As beauty freed is set a fluttering, I like butterflies long to be
Swallowtails (Family Papilionidae)
Swallowtail butterflies are large, colorful butterflies in the family Papilionidae, and include over 550 species. Though the majority are tropical, members of the family inhabit every continent except Antarctica. The family includes the largest butterflies in the world, the birdwing butterflies of the genus Ornithoptera.
Swallowtails have a number of distinctive features; for example, the papilionid caterpillar bears a repugnatorial organ called the osmeterium on its prothorax. The osmeterium normally remains hidden, but when threatened, the larva turns it outward through a transverse dorsal groove by inflating it with fluid.
The forked appearance in some of the swallowtails’ hindwings, which can be seen when the butterfly is resting with its wings spread, gave rise to the common name swallowtail.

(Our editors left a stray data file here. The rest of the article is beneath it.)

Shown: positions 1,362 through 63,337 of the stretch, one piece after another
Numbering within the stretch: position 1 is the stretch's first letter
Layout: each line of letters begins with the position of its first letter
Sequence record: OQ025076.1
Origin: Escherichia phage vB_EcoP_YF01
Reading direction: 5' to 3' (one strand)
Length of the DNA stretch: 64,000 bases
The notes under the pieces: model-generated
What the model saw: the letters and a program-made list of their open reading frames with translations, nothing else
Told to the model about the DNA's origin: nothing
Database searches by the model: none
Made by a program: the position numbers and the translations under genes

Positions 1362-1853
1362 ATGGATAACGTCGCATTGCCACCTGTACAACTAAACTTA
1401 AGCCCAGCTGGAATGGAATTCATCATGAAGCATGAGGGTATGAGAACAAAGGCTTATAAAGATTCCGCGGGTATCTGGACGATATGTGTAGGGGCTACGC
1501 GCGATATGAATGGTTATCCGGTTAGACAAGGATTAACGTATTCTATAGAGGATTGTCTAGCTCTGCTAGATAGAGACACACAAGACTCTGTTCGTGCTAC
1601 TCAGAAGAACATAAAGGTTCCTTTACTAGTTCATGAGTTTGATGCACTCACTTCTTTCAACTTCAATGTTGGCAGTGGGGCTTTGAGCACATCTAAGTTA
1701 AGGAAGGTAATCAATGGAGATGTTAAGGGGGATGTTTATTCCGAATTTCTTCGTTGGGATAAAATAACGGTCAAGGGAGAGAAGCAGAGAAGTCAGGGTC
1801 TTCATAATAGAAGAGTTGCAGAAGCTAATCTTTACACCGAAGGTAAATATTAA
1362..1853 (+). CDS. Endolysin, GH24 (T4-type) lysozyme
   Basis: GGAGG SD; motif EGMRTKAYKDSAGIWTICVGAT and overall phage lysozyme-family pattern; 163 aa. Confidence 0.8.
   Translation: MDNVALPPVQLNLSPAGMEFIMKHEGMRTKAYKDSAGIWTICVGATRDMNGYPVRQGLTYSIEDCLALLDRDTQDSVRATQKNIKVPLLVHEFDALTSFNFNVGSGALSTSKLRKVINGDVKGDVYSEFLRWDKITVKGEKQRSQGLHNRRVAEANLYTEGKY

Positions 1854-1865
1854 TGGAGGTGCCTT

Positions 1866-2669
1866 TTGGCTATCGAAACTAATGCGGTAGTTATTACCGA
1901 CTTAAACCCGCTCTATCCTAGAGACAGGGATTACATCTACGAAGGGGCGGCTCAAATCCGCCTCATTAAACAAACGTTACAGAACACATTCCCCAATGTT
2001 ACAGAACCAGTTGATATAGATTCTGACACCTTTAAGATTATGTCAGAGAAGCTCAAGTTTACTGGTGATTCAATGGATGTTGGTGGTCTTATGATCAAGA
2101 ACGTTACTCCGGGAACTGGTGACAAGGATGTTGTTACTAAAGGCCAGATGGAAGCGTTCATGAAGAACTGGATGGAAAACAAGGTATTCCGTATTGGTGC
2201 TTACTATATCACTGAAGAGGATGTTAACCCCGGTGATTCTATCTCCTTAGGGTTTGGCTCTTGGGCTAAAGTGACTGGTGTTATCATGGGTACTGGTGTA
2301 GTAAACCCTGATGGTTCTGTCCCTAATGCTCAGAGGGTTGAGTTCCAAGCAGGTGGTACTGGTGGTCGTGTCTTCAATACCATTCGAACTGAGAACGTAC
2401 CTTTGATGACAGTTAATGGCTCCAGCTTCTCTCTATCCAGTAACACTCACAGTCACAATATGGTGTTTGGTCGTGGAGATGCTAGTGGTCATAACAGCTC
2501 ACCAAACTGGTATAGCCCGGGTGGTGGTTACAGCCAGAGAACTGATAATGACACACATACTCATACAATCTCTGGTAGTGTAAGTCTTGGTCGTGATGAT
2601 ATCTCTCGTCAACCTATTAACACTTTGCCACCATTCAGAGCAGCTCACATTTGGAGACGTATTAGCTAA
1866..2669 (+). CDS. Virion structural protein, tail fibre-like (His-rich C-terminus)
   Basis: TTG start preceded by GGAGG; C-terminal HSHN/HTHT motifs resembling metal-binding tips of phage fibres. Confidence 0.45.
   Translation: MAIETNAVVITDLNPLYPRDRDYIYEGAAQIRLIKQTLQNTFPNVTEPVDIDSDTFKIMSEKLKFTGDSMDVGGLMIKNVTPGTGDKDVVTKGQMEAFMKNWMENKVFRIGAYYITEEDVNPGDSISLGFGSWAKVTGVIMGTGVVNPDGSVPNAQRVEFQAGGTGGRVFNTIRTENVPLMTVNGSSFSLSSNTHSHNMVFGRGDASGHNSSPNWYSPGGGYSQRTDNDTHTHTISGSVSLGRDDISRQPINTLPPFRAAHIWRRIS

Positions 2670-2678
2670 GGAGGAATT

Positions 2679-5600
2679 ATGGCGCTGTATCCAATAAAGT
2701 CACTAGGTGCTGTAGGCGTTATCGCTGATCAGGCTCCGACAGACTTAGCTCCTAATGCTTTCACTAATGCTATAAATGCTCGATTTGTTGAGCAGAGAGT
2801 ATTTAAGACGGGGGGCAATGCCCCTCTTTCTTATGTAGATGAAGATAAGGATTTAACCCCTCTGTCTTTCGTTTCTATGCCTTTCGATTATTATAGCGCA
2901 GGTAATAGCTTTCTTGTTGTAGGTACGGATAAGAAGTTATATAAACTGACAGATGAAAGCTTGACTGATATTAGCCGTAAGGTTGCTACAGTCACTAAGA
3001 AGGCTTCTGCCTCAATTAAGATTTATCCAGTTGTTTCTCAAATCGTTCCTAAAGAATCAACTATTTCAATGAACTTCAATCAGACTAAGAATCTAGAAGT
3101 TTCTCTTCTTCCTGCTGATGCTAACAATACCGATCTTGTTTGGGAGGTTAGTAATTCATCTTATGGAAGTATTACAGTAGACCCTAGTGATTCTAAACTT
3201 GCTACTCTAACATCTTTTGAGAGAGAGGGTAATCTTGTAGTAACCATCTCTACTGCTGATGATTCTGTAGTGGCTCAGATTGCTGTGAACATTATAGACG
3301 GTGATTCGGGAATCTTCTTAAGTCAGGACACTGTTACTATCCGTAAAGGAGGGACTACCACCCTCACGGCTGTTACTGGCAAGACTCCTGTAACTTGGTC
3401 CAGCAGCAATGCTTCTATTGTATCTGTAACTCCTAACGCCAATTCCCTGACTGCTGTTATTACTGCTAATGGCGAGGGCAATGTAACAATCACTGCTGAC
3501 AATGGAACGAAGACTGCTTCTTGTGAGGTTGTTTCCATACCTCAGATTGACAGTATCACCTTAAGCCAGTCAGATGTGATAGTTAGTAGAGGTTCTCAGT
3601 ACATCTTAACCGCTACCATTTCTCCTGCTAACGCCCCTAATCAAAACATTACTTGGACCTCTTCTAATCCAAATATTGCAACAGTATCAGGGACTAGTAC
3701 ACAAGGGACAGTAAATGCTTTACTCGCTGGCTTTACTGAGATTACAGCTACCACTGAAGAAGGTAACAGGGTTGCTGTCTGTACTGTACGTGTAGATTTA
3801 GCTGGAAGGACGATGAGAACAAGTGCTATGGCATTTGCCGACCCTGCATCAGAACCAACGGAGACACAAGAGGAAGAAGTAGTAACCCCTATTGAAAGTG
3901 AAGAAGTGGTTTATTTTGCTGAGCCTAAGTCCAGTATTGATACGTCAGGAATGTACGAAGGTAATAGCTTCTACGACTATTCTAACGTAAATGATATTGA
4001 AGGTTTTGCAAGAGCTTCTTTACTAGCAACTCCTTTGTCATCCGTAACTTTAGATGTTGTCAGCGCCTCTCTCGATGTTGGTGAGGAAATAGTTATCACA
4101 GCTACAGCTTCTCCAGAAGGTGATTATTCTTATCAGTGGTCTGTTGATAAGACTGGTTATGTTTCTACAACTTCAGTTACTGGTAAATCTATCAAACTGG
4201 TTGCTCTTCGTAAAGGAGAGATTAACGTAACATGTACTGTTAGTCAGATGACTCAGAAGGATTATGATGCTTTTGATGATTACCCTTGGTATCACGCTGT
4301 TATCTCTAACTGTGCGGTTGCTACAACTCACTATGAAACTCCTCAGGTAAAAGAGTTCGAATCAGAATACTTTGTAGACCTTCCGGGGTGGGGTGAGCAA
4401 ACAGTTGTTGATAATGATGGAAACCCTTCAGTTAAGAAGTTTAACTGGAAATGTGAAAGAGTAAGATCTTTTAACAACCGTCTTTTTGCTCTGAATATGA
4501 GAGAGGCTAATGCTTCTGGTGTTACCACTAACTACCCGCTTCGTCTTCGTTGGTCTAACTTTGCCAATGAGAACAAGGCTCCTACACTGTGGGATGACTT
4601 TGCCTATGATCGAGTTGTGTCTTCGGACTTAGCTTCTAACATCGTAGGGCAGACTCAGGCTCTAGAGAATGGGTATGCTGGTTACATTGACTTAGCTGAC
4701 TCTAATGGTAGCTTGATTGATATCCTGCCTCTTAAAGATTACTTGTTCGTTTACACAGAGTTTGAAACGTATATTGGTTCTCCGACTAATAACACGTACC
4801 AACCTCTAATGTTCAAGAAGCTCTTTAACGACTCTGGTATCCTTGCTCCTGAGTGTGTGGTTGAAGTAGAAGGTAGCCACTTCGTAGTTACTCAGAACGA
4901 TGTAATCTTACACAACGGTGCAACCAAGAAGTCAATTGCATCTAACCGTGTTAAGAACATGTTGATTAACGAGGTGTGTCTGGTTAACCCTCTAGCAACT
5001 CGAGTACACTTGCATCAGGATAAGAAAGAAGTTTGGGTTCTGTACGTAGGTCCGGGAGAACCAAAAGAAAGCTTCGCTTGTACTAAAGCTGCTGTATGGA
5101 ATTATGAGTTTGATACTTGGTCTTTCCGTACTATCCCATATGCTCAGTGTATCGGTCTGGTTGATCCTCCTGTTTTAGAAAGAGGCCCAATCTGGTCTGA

As for its formal name, Linnaeus chose Papilio for the type genus, as papilio is Latin for “butterfly”. For the specific epithets of the genus, Linnaeus applied the names of Greek figures to the swallowtails. The type species: Papilio machaon honored Machaon, one of the sons of Asclepius, mentioned in the Iliad. Further, the species Papilio homerus is named after the Greek poet, Homer
Brush-Footed Butterflies (Family Nymphalidae)
The Nymphalidae are the largest family of butterflies with more than 6,000 species distributed throughout most of the world, belonging to the superfamily Papilionoidea.
These are usually medium-sized to large butterflies. Most species have a reduced pair of forelegs and many hold their colourful wings flat when resting. They are also called brush-footed butterflies or four-footed butterflies, because they are known to stand on only four legs while the other two are curled up; in some species, these forelegs have a brush-like set of hairs, which gives this family its other common name.
Many species are brightly coloured and include popular species such as the emperors, monarch butterfly, admirals, tortoiseshells, and fritillaries. However, the under wings are, in contrast, often dull and in some species look remarkably like dead leaves, or are much paler, producing a cryptic effect that helps the butterflies blend into their surroundings.
Whites and Sulphurs (Family Pieridae)